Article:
The reading from Isaiah describes the events that will take place and the joy that will fill the people on the day when they will be liberated from the Assyrians. Like many prophecies it was one that was not to be fulfilled immediately, but for a long time. Meanwhile, Isaiah calls the people to prepare for their liberation by rebuilding their hearts and returning to the Lord, and to wait patiently for their deliverance. Isaiah describes the beauty of that day and what they have to look forward to: the eyes of the blind will be opened, the deaf will hear, the lame will walk, the mute will speak. The people will find joy and gladness, while sorrow and mourning will depart from them. This is truly something to look forward too and the people did so while periodically reminded to be patient. First they saw their land restored, then centuries later they experienced the miraculous presence of the redeemer.
The Gospel gives us confirmation of the fulfillment of this prophecy. When John the Baptist’s disciples ask Jesus if he is the one who is to come, He answers, not with a simple yes and no, but by pointing out the manifestations that Isaiah spoke of in describing the true liberation of the people. “Go and tell John what you hear and see: the blind regain their sight, the lame walk, lepers are cleansed, the deaf hear, the dead are raised, and the poor have the good news proclaimed to them.” This response can be seen as a confirmation to John the Baptist that what he saw and heard the day he baptized Jesus in the Jordan River did indeed mark the beginning of the ministry of the Messiah. Jesus makes it clear to John that he is “the one.”
After confirming who he is, Jesus goes on to confirm who John the Baptist is. He is the one sent to prepare the way for the Messiah. His rhetorical question, “what did you go out to see….” points out that there were those who were expecting a Messiah who would be high class, wealthy and a political leader. Jesus shows us that this is certainly not God’s plan for the Redeemer. John the Baptist, in preparing the way for Jesus, does so in the same simple and humble manner as Jesus himself would do. There were those who were surprised, disappointed and unable to accept the thought that the Messiah would be a poor carpenter from an insignificant village who was very comfortable associating with tax collectors and sinners. As the ministry of Jesus continues and his identity becomes clearer, it is incomprehensibly for many to believe that the Messiah was also the Son of God – The word made Flesh. Why would almighty God humble himself to become a frail man? Very simply, because; “God so loved the world that he sent his only begotten Son…..” Jn 3:16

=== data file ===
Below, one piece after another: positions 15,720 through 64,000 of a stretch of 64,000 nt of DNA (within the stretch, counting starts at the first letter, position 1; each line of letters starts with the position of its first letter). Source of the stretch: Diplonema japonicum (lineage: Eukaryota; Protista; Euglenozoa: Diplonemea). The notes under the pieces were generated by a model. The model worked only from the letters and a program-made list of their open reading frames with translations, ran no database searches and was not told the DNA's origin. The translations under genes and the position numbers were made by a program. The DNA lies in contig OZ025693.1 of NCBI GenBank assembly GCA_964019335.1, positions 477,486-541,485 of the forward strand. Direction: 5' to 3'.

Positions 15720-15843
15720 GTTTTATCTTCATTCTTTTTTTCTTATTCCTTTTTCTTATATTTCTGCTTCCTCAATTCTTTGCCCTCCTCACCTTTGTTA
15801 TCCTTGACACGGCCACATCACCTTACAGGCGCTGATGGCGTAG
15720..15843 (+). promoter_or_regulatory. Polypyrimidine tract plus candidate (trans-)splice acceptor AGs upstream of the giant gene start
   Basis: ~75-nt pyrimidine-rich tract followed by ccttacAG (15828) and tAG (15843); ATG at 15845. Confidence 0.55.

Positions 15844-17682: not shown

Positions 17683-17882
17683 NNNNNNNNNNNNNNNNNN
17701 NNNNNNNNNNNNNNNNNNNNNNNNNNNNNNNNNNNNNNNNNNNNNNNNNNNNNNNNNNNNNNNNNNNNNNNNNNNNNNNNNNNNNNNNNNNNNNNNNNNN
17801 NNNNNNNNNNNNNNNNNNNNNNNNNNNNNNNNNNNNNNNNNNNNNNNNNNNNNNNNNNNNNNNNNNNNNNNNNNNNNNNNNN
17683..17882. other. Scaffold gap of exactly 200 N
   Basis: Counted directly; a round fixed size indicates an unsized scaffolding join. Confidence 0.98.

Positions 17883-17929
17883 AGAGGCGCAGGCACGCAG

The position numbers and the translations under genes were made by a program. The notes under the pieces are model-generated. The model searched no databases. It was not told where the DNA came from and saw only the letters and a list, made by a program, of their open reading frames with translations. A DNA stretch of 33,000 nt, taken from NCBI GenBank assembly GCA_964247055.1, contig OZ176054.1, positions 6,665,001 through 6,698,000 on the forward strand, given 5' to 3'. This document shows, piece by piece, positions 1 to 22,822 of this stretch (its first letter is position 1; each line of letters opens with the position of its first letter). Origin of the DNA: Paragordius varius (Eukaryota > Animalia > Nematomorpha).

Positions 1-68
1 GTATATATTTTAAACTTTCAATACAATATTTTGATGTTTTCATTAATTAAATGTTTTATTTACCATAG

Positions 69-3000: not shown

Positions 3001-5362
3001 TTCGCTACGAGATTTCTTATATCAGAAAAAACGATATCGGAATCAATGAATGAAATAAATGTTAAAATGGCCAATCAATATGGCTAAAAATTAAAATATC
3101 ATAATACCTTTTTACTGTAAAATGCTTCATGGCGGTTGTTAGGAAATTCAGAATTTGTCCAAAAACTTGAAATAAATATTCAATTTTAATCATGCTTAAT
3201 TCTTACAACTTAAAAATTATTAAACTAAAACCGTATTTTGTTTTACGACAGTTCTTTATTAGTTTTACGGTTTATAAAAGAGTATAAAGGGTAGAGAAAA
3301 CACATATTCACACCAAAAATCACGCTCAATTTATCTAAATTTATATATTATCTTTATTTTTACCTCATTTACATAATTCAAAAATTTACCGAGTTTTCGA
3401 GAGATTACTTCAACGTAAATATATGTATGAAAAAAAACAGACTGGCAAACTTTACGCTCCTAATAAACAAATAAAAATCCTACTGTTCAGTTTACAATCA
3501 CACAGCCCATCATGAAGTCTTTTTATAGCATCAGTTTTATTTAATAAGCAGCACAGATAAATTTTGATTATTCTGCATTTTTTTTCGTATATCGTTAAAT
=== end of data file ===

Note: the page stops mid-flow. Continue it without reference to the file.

This is a message that should bring great joy to our hearts. The church celebrates this on the Third Sunday of Advent, we’re halfway through, by calling this Gaudete Sunday. Gaudete literally means, “Rejoice.” And is the first word of the traditional Introit for this Sunday. This is a day for us to “lighten up”, liturgically we go from purple to pink today, and enter into the joy of God’s love for us and our redemption in Jesus. These last weeks of Advent are an appropriate time to recall all the good things God has done for us, and to rejoice. May we continue our journey to Christmas with renewed joy in our hearts.
Father Killian Loch, O.S.B.